William Wyler directs Fredric March, Dana Andrews and Teresa Wright in the post-war drama following three demobbed heroes as they try to settles back into civilian life after WWII.
The first night back home where hard drinking supercedes intimacy with missed loved ones. The crashing reality that all your achievements in battle mean little to department store managers looking to hire cheap or loan approvers. A fiancee is shown the nightly routine it takes to get a man with no hands into bed, this is her chance to back out of her wedding to a childhood sweetheart. A deserved Best Picture winner. Sure it is an unashamed issues movie, and can be just as cackhanded as the worst examples of such a flick at times but it is candid and seemingly untethered by the Hays Code. Alcoholism, bad marriages, prejudice towards disability, PTSD, affairs, even boom time economics are given a judicial kicking. And because you care about the three leads and their extended families, the three hours of running time fly by. It is too hard hitting to be a soap but it pushes those romantic and domestic buttons keenly. It is too slick to be depressing. Handless, non-actor veteran Harold Russell more than makes his mark among the starry cast. His arc is particularly well delivered. To see this kinda preachy narrative be so keenly written and managing to make such flawed characters so emphatic… it is a rarity. I like them all so much I’d wager on rewatch I might score this even higher.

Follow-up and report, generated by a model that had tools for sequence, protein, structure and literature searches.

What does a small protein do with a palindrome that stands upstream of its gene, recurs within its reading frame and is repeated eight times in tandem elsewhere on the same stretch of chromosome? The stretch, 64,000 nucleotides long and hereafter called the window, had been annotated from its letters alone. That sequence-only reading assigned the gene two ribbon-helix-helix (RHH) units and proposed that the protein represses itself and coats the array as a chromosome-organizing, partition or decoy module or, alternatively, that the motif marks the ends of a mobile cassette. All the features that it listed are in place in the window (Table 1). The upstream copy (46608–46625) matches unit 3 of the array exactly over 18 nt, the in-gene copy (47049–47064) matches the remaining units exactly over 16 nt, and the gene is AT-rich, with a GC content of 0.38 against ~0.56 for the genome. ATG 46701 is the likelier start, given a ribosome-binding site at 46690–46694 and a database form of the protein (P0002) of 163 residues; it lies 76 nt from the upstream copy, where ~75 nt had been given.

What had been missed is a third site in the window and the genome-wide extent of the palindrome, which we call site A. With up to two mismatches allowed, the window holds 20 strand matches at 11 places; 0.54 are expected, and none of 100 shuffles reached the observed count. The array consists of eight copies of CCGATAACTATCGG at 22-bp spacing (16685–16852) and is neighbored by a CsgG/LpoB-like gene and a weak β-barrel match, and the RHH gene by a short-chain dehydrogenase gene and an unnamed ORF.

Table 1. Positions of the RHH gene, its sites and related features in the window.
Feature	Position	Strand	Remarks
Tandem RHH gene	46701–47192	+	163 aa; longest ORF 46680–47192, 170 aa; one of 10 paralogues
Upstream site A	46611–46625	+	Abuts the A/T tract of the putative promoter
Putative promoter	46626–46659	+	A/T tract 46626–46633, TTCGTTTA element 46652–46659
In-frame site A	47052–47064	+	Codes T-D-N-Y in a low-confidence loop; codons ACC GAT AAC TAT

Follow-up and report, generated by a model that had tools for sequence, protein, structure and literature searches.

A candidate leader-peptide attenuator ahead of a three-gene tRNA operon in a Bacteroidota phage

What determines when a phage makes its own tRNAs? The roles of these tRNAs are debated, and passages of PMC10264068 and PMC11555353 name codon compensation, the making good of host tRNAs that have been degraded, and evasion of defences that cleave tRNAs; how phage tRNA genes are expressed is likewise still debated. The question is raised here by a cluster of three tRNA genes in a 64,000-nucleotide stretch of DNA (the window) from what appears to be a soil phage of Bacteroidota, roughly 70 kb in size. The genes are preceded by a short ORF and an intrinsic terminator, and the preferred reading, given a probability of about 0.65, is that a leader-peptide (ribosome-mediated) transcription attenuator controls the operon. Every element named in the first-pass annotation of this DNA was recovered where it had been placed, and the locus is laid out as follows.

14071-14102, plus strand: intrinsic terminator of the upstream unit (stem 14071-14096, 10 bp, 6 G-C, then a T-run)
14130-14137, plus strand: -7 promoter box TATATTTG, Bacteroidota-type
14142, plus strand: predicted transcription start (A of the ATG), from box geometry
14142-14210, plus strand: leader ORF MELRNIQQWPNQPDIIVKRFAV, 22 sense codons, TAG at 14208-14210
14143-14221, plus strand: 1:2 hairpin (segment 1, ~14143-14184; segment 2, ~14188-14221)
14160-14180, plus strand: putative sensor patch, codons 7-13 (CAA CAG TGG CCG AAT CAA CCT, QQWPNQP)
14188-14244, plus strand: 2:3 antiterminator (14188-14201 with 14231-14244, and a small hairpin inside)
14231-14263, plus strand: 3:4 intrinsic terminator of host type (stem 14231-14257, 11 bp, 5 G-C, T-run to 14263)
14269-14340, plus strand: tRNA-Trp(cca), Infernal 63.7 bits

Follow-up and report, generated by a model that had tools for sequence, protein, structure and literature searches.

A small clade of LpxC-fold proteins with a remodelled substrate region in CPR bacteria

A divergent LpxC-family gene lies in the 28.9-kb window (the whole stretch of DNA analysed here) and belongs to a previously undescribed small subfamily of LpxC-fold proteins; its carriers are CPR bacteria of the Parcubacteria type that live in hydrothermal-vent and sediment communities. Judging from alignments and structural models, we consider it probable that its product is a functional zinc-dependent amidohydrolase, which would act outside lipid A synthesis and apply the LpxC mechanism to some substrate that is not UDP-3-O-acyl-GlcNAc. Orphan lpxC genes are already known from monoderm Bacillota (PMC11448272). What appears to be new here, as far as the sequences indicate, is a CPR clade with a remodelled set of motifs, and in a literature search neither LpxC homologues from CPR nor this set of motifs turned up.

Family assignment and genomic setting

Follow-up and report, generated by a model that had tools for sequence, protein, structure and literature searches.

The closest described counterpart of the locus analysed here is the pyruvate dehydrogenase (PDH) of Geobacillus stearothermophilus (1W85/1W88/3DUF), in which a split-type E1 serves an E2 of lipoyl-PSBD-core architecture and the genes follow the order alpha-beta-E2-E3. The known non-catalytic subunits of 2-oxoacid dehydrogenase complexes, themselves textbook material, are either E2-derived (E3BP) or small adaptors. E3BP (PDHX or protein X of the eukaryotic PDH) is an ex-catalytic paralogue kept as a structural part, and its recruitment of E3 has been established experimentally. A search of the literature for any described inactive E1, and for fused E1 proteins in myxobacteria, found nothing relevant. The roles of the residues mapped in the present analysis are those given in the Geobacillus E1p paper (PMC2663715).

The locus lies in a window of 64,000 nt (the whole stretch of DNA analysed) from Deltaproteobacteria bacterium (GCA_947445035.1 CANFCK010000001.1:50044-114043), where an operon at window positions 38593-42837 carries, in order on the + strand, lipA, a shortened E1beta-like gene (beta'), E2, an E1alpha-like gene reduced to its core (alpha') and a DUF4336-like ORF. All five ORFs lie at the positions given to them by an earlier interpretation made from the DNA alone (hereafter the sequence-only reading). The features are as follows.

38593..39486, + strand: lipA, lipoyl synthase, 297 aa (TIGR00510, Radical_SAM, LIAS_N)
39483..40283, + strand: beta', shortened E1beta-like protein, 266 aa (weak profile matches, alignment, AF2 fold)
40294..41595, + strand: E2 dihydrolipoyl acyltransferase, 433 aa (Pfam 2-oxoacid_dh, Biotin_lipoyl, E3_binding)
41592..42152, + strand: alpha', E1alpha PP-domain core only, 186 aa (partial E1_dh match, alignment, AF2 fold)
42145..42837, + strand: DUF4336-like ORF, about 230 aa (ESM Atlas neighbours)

Perfect Double Bill: Mrs Miniver (1942)
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